Mobile as water bill payment tool: Financial sustainability is a critical. According to some estimates, there is a 16 billion USD deficit in the annual collection of water payments in Africa. If people can be made to pay the required amount that itself can be a game changer. This can be done through mobile money payment systems; mobile banking and wireless pay points. This also leads to elimination of petty corruption.

Community model is not a panacea: The most widely accepted approach currently is to encourage the community model in which the community as whole is expected to ensure effective usage of hand pumps. There is however no strong evidence to suggest that this model is the right method. The community is often merely an artificial construct with no real meaning. On the other hand, a lot of evidence seems to that what really sustains successful solutions are the quality of water and that it comes at an affordable price.

Some noteworthy examples of mobile based water security solutions are Manobi in Senegal, AKVO with IRC in Ghana and MPESA in Nairobi.

Mobile for Water approach is poised to be a game changer!!!

This article was written by Skoll Scholar Shubham Anand from the Skoll World Forum.

Picture Credits: Manobi




Five Conversations worth having at the Skoll World Forum on Social Entrepreneurship

Continuing our series of posts by our University of Oxford students attending the Skoll World ForumMark Hand gives us his overview of the conversations happening at the forum.

There is no dearth of hallyway discussion at the Skoll World Forum, the world’s glitziest of gathering on social entrepreneurship and impact investing. Here are four topics that are getting airtime at the Forum (and one that should be, but isn’t).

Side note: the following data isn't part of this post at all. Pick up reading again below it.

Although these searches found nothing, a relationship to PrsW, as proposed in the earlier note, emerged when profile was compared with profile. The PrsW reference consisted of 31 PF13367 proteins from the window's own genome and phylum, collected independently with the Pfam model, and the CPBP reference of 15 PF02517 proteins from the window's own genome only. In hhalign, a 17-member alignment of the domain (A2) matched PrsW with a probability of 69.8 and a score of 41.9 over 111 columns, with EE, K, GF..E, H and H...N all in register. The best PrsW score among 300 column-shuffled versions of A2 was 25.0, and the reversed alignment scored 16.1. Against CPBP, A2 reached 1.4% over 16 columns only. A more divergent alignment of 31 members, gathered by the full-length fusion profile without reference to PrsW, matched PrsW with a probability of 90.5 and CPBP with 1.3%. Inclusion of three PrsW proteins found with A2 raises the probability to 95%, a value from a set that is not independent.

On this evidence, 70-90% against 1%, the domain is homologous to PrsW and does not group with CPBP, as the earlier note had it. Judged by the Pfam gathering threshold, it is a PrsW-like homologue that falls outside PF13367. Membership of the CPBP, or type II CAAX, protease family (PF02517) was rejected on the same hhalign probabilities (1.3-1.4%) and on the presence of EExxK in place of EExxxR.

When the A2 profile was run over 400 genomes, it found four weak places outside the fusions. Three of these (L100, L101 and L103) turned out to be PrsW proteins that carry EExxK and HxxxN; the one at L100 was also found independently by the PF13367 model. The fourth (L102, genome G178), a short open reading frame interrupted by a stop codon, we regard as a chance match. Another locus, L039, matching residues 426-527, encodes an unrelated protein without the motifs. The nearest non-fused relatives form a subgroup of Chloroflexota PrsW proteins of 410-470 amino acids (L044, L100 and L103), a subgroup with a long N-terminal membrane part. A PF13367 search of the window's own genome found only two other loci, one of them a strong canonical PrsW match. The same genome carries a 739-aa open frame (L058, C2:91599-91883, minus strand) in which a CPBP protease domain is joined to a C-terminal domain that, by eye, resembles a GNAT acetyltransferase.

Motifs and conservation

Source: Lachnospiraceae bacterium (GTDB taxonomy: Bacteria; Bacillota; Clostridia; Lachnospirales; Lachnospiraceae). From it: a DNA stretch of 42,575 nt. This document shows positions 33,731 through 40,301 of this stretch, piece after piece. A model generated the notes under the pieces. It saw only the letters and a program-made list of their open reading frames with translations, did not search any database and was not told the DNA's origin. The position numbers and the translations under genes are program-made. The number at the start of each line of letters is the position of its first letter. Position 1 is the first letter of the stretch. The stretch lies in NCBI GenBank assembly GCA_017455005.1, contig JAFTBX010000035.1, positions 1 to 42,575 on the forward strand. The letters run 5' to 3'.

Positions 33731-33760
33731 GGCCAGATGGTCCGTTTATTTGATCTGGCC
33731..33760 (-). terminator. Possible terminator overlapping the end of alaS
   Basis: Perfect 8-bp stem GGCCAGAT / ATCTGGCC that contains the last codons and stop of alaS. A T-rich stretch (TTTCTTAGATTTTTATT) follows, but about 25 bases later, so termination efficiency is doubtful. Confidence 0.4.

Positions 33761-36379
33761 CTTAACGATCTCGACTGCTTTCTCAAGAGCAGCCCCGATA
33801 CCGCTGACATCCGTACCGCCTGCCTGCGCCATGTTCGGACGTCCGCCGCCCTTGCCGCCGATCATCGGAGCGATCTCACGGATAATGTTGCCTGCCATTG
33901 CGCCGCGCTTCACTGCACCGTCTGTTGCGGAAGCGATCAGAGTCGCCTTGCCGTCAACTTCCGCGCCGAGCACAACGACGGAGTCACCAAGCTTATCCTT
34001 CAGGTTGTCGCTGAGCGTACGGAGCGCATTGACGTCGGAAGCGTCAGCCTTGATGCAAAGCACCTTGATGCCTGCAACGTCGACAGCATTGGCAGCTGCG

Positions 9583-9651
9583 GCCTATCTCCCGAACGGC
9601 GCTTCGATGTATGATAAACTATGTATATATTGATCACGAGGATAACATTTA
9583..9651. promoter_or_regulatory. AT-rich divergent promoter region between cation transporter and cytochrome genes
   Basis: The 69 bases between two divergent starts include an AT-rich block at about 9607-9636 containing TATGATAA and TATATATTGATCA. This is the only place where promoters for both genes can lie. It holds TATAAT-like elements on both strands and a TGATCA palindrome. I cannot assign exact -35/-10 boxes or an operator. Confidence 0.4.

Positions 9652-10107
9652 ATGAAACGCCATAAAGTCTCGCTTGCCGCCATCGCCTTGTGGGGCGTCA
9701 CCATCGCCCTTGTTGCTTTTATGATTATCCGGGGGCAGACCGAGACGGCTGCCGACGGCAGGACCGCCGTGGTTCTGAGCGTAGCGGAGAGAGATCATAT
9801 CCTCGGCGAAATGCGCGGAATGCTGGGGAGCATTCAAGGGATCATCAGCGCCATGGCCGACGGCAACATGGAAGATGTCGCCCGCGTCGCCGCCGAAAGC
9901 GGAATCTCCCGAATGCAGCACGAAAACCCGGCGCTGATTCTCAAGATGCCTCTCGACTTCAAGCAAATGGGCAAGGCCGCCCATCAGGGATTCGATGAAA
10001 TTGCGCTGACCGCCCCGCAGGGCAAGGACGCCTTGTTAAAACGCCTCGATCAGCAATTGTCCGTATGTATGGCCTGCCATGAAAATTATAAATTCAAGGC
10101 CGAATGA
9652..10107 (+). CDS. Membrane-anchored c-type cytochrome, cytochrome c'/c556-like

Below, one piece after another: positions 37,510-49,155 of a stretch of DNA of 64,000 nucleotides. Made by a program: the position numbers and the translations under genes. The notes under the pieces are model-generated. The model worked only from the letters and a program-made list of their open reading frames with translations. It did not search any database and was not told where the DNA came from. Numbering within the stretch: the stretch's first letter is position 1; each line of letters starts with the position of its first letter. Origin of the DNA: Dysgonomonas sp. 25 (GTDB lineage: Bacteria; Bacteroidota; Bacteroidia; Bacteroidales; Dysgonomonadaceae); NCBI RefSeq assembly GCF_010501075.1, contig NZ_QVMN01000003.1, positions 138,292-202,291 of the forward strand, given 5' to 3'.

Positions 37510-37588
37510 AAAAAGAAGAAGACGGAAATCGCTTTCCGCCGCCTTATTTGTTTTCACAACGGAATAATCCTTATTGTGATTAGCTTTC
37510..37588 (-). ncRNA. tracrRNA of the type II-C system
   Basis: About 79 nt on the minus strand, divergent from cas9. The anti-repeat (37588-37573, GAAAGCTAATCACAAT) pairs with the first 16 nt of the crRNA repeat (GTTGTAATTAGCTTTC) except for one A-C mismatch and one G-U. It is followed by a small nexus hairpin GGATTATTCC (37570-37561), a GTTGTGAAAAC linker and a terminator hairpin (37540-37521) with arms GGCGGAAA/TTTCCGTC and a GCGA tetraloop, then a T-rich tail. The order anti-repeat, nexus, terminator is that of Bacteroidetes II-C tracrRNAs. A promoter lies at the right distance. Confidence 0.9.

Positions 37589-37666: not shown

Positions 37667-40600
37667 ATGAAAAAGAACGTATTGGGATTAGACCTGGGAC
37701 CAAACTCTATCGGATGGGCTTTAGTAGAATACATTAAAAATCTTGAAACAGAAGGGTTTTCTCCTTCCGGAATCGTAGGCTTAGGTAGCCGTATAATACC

1. How to engage policymakers. At the CASE-hosted conference on impact-investing at Skoll on Wednesday, Katherine Fulton reminded her audience that when the term impact investing was coined five(ish) years ago, policy was nowhere on the agenda. Today, however, most impact investors and social entrepreneurs are ready to acknowledge the centrality of policymakers to having more than local-level change.  For impact investors in developing markets, access to policymakers serves as a critical component of its investment model. Big Society Capital’s increasingly central role in the UK social entrepreneurship market would not have been possible without support by politicians, and social impact bonds often depend on a governmental partner. The Strive Network in Cincinati’s work on collective impact relies upon the participation of government partners. And so on.

2. The importance of telling stories. Wandering around the Skoll World Forum this year is an interesting bunch: the Sundance Institute, Participant Media (the folks that brought us Lincoln), NPR, PBS Newshour—storytellers. At the same time that the social entrepeneurship world is wrestling with how to tell its story, storytelling itself is changing to reach the Millennials who, according to Sundance’s Cara Mertes, multitask so much that we pack 36 hours of activity into every 24 hour day. On August 1, Participant will launch its latest, most ambitious effort yet: Pivot, a television station to carry forward its efforts to tell stories with meaning and purpose.